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December 01, 2014

Yes, we should be trying to remedy this. However, my approach is the reverse of what the questioner may have in mind. We should work for a large-scale change in the understanding of philosophy, rather than try to make our contribution fit into the narrow parameters of what is now academic philosophy. This no doubt sounds arrogant and pretentious, and it is indeed a serious critique of academic philosophy.

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November 01, 2014

From the perspective of modernity, of course, this idea makes no sense. It presupposes thinking of God as an agent in a realistic sense that is quite impossible if one has fully adopted the modern worldview. Further, the idea has been spoiled by its association with divine omnipotence. If God is the cause of everything, the specialness, suggested by “providence,” disappears. Cancer is just as providential as a remarkable healing.

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October 01, 2014

My short answer is Yes. But of course that is also to be qualified by many Nos.

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September 01, 2014

Like all good questions, this is multifaceted. If it means are there are features of Teilhard’s thought that lead me to modify what I take from Whitehead, the answer is No. The most obvious difference in doctrinal content is Teilhard’s vivid sense that despite all the horrors and obstacles along the way humanity is moving toward a final consummation. This is a view that has strong biblical grounding. It also has vast appeal. Whitehead does not share it. And I agree with Whitehead.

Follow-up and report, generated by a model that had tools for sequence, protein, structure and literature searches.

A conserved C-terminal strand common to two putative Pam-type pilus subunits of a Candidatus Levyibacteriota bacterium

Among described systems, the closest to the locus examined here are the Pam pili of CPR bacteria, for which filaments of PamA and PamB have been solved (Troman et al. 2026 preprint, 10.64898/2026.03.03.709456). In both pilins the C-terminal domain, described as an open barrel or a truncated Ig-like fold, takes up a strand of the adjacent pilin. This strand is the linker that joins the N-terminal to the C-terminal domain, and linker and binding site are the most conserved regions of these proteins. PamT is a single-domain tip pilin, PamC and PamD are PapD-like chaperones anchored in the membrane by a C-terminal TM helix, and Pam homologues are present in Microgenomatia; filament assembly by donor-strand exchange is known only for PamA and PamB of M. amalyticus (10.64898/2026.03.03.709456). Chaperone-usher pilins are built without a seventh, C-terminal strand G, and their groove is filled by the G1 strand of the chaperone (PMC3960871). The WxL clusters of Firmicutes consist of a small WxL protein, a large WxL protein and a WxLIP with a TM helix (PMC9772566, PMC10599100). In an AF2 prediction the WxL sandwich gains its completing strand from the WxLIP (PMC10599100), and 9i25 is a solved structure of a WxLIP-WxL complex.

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August 01, 2014

I appreciate this question. For a fuller answer, I refer to my book on Wesley, Grace and Responsibility. I think the reader will see that I find most of Wesley’s teaching highly amenable to process theology. Indeed, I think that historically they belong to the same tradition. Like Wesley, process theology comes from an Anglican background.

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